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Biden will ease sanctions on Venezuela for Maduro commitment to dialogue with Guaidó

Michael Wilner and Antonio Maria Delgado, Miami Herald on

Published in News & Features

MIAMI — The Biden administration will ease sanctions on President Nicolás Maduro in Venezuela in exchange for a commitment from the government to dialogue in Mexico City with Venezuela’s opposition movement, sources familiar with the matter told McClatchy and the Miami Herald, marking a turning point in Washington’s pressure campaign on Caracas.

The new U.S. sanctions relief will allow Chevron, a major energy company, to begin talks over potential future oil production in Venezuela, and will remove Carlos Erik Malpica-Flores, a former high-ranking energy official in Venezuela and the nephew of Maduro’s wife, from a U.S. sanctions list.

Maduro walked away from talks with the Venezuelan opposition last fall, all but collapsing the fragile diplomatic effort. The country’s democratic leader, Juan Guaidó, whose movement has faltered over the past year, has rested his negotiating position on continued U.S. sanctions.

A senior administration official told McClatchy that the sanctions relief was coordinated with the opposition.

“It is very important to stress that this was done in coordination with the interim president, Juan Guaidó, to move the talks forward,” the official said. “This is something that they thought would be helpful for the talks to move forward.”

The United States and nearly 60 other nations recognize Guaidó as Venezuela’s interim president and accuse Maduro of leading the economic collapse of Venezuela over the past nine years. The Trump administration imposed severe sanctions on Caracas and even considered using force to overthrow Maduro in 2019.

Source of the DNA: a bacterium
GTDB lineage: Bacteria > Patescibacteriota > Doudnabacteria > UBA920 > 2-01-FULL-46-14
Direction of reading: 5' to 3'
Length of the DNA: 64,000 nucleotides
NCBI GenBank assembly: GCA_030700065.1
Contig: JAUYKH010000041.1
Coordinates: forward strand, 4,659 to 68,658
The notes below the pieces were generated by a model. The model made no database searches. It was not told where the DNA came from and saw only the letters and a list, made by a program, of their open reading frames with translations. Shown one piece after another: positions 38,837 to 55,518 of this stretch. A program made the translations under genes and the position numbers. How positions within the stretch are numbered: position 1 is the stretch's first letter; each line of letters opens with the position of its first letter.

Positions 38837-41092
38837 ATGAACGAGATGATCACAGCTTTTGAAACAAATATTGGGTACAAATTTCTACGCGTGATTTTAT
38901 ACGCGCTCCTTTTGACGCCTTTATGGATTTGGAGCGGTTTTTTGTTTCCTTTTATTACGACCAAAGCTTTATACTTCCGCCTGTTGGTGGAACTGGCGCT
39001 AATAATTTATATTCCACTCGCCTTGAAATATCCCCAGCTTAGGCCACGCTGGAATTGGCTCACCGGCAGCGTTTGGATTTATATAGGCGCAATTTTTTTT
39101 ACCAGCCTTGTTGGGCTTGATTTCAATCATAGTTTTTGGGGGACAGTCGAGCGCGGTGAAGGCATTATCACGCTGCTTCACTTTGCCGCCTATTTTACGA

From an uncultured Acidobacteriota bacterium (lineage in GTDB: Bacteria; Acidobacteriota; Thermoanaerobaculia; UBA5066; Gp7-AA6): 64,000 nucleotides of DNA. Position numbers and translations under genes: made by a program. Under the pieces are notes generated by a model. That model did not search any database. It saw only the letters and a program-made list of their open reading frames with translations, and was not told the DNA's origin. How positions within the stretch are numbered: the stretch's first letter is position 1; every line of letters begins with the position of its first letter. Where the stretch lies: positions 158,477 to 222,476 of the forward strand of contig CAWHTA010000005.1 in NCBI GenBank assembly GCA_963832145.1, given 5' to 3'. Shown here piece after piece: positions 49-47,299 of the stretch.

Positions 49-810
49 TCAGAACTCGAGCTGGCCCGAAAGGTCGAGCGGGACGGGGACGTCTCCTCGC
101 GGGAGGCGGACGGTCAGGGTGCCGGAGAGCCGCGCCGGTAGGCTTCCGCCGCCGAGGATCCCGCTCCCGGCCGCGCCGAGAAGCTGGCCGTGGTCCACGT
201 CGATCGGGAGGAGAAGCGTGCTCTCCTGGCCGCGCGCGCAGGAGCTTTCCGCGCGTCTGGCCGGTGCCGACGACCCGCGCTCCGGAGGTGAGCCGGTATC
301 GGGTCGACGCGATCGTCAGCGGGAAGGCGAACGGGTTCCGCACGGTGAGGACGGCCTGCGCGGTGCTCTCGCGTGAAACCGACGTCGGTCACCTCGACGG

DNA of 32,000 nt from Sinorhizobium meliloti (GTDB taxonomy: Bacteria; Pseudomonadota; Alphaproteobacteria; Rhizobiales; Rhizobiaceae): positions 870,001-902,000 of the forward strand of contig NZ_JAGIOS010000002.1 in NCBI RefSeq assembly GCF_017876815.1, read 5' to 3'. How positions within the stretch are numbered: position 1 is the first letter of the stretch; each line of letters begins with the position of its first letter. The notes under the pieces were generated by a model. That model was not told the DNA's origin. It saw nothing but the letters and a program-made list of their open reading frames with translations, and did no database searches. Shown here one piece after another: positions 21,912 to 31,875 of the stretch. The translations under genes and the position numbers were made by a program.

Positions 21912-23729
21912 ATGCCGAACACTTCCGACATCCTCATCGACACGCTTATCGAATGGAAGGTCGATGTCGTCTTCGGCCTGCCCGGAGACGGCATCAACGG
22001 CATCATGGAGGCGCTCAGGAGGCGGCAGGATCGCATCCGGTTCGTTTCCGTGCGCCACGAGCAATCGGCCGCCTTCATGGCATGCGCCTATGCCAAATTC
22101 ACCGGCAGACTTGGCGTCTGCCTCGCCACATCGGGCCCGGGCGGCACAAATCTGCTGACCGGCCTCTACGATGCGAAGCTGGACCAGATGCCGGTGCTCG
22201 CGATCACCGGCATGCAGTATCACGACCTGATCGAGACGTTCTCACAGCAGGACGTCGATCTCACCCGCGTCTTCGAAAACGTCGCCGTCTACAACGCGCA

The sanctions relief grants Chevron a license to begin negotiating future activity in Venezuela. Chevron would need additional authorization to begin new production.

“It’s a narrow license authorizing Chevron to negotiate the terms of their potential future activities in Venezuela — but this is all contingent on steps being taken that are positive by the Maduro regime,” the official said. “Further authorization would be needed for Chevron to get into any sort of agreement.”

President Joe Biden has continued Trump’s maximum pressure campaign since taking office. But Russia’s invasion of Ukraine in February created an opening for the administration to engage directly with Caracas. The White House hoped to splinter Venezuela’s alliance with Moscow and bring additional oil output into the marketplace as the war disrupted energy prices.


In early March, a White House official led a first U.S. delegation to meet with the Maduro government, primarily to negotiate the release of two American detainees. But at the time, officials acknowledged that energy was another topic of discussion at the meeting.

Further sanctions relief would be tied to progress at the talks in Mexico City, one official familiar with the matter said.

“We want to be very clear about this point,” the official added. “Sanctions on the Maduro regime will remain in place. We are not doing this to reverse Trump’s maximum pressure campaign. Our policy, overall, has not changed.”

News of sanctions relief comes just three weeks before the United States hosts the Summit of the Americas for the first time since the inaugural summit in 1994. Several leaders in the region are encouraging the administration to invite a representative from the Maduro government to participate.

Meanwhile, there are few indications that Caracas will turn away from Russia as it engages with the United States. Maduro announced on Monday that his ambassador to Moscow, Carlos Faría, would become Venezuela’s new foreign minister.

Earlier proposals to dismantle the U.S. sanctions were called “foolish” by opposition insiders that claim that it would only serve to strengthen Maduro’s political grip inside the South American country and dismantle the little leverage the opposition would have at the negotiation table in Mexico.

Both sides have held a number of peace talks throughout the years to try to solve the enduring political crisis in the country, but they all failed as the Caracas regime proved unwilling to yield concessions of substance, opting to use the process as a safety valve to gain time and dispel internal pressure.


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